654 History of Wake Forest College
there―Dr. Oscar Baxter and Quintin Busbee of the United States
Navy, and Colonel Junius Wheeler of the United States Army."1
Ingram was also there; at the first blare of the trumpet he had
volunteered for the service as a calvaryman. Colonel Junius Wheeler
was a student at Wake Forest in 1843-44; after a year he had left the
College for a cadetship at the United States Military Academy at West
Point ; later he was on the teaching staff of the Academy. Qunitin D.
Busbee was a student at the College in 1838-39. After leaving the
College he studied law at the University of North Carolina, and was
admitted to the bar. Oscar Fitz A. Baxter, of the class of 1840, had got
his degree of Doctor of Medicine at the University of Pennsylvania
and was in 1846 Assistant Surgeon in the Navy.
When the Civil War came on, the College, like all other educational
institutions of the South, was seriously involved. Professor L. R. Mills
thus describes2 affairs at Wake Forest about the time that North
Carolina seceded from the Union, May 20, 1861. "I was graduated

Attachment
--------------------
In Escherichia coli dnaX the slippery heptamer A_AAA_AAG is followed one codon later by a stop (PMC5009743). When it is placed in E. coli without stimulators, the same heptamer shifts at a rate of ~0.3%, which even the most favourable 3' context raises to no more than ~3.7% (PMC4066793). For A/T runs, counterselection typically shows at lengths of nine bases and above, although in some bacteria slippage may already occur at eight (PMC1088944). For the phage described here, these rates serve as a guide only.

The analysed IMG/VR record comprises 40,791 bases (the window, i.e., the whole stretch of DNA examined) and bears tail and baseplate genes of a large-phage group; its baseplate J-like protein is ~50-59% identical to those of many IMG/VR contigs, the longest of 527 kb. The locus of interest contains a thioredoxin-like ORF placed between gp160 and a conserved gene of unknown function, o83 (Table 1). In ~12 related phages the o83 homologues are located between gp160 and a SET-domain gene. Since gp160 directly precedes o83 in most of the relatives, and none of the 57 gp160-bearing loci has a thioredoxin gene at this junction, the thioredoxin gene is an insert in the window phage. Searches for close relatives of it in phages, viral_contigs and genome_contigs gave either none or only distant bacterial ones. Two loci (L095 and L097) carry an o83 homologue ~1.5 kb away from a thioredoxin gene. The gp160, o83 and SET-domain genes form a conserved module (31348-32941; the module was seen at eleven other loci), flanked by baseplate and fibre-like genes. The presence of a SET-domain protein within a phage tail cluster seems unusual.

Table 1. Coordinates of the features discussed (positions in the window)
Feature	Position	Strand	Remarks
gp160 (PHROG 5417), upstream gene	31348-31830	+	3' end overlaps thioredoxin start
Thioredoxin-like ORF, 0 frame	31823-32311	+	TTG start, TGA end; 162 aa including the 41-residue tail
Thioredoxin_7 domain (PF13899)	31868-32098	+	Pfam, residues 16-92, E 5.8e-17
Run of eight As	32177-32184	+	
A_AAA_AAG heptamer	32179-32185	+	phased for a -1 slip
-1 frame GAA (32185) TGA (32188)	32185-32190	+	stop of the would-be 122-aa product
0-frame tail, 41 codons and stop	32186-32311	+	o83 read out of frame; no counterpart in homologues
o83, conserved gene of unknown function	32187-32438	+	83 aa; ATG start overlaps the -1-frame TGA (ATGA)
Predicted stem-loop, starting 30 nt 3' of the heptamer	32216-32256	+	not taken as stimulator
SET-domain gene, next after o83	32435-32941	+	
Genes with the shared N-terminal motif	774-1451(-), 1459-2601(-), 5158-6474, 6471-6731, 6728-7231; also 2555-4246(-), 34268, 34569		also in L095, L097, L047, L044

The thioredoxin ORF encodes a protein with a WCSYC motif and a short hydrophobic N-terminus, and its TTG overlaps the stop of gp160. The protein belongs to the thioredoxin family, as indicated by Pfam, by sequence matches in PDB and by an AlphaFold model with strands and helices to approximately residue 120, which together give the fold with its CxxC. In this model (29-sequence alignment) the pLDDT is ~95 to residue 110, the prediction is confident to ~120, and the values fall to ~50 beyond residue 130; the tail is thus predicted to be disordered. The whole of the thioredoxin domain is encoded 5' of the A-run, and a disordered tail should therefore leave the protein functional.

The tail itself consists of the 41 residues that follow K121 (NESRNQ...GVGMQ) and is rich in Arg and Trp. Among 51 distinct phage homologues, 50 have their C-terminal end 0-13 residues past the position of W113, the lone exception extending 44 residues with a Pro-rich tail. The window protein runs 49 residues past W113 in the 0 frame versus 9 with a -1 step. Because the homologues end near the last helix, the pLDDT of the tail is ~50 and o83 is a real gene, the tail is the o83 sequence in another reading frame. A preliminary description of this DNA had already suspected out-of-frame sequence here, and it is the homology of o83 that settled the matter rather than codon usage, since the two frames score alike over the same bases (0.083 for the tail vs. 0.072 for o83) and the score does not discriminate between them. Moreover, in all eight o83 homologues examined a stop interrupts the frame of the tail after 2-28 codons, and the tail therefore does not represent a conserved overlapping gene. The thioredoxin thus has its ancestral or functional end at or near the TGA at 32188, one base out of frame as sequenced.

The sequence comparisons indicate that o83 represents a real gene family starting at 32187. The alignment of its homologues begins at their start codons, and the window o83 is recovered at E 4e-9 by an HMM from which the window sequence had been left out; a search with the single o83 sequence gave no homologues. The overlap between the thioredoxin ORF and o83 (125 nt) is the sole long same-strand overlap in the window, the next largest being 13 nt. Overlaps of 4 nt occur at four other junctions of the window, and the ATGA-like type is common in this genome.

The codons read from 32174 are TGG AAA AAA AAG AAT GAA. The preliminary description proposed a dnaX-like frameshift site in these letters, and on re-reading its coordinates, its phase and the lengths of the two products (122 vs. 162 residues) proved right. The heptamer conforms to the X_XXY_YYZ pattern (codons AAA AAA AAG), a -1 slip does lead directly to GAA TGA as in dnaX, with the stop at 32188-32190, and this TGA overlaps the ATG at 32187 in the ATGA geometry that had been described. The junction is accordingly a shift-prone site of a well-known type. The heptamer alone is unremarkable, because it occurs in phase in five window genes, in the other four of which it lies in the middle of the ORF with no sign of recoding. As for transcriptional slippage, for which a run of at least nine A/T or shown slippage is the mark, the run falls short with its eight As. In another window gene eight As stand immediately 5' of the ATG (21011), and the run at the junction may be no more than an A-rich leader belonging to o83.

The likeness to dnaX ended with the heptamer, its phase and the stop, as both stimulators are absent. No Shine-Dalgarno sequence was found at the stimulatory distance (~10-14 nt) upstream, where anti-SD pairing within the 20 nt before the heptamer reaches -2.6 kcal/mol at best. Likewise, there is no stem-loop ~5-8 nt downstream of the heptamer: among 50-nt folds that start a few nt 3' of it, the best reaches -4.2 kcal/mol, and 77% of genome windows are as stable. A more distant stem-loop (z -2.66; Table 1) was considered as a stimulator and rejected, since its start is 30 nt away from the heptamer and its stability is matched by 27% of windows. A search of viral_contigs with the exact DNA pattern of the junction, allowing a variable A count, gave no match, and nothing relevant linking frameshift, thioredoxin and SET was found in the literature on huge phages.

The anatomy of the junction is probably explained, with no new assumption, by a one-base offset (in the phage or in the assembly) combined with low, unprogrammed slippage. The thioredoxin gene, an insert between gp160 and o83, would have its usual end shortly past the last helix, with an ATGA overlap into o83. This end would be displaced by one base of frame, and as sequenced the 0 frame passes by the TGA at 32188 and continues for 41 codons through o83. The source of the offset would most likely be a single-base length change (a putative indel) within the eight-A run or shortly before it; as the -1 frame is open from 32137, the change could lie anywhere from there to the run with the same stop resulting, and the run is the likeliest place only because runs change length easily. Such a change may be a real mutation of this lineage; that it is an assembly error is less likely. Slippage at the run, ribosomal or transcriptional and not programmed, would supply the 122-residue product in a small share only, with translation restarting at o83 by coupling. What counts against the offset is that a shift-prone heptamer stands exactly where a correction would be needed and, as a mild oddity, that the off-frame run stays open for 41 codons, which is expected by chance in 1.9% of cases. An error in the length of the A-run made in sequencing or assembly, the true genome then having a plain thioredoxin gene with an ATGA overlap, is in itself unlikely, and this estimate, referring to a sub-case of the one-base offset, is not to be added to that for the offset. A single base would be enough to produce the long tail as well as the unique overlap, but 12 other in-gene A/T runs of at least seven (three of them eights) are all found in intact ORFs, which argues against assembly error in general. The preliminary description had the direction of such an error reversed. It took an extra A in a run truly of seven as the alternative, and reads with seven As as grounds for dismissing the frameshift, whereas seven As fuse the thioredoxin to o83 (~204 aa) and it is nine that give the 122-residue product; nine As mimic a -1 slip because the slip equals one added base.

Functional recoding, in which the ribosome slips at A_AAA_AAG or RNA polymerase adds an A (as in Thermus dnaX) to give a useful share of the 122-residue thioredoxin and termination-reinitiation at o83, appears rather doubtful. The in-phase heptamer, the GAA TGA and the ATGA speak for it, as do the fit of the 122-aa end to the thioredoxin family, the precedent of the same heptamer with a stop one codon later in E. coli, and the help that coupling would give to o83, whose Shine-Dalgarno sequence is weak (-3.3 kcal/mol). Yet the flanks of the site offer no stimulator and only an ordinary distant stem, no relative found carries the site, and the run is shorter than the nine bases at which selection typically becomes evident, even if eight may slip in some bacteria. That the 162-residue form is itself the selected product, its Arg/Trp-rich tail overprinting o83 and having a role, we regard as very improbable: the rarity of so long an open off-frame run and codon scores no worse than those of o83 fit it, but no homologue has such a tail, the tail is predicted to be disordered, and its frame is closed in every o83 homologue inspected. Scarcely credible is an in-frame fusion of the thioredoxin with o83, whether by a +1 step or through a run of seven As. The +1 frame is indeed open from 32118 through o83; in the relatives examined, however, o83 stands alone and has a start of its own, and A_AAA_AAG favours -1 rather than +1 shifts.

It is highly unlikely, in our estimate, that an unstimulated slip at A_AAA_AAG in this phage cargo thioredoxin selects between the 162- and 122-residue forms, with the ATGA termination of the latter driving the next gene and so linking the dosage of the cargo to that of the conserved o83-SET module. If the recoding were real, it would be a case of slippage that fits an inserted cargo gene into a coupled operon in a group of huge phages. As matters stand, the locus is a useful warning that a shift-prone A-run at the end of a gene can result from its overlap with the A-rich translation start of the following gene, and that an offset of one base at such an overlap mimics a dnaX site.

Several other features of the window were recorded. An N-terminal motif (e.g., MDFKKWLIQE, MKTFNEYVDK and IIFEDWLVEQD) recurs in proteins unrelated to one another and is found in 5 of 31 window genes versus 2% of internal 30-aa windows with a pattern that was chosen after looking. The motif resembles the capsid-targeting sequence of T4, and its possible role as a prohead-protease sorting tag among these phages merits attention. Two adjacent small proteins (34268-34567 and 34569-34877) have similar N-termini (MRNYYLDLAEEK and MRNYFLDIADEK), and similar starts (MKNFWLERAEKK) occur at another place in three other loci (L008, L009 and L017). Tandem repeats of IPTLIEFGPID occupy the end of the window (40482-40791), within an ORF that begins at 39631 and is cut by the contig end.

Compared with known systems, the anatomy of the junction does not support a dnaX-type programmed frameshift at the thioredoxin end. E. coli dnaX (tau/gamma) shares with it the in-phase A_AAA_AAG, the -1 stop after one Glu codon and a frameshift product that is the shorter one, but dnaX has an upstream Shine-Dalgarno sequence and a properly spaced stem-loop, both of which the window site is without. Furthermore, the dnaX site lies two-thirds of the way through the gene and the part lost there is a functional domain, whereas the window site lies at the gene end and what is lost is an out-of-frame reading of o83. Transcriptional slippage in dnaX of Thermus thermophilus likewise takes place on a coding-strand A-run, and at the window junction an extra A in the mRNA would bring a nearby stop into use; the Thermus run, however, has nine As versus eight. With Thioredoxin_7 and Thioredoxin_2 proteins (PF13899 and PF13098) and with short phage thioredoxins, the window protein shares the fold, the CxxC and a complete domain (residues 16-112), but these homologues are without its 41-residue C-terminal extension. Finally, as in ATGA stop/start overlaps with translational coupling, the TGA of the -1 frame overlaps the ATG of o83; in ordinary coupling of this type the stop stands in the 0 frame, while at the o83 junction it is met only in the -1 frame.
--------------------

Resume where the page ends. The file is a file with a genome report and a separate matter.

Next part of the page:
from Wake Forest College with the degree of B.A. the latter part of
May [May 28], 1861. The same day the papers brought the news of
the battle of Big Bethel, fought the day before. The excitement all
over the South was intense, and, as in the case of Aeneas during the
siege of Troy,
Furor iraque mentem praecipitant,
and almost before I knew it I was a soldier in the Confederate army."
The students of the College were prompt to volunteer, for service in
the army.3
1 S. M. Ingram, "Old Times at Wake Forest," Wake Forest Student, XIII, 476.
2 Bulletin of Wake Forest College, New Series, I, 150.
3 Major James H. Foote, who was in 1861 Professor of Ancient Languages in the
College has this to say in the Wake Forest Student, XXVIII, 337: "At the
commencement of the Civil War in 1861, one hundred of the students volunteered
and formed a company to go to General Lee's army in Virginia, and to my surprise
elected this scribe, then a member of the faculty, as their commander. We joined the
first Regiment as Company I, and many of these brave sons were slain in the great
and bloody battles on the soil of Virginia, Maryland and Pennsylvania in defense of
their country. I saw twenty-five of these
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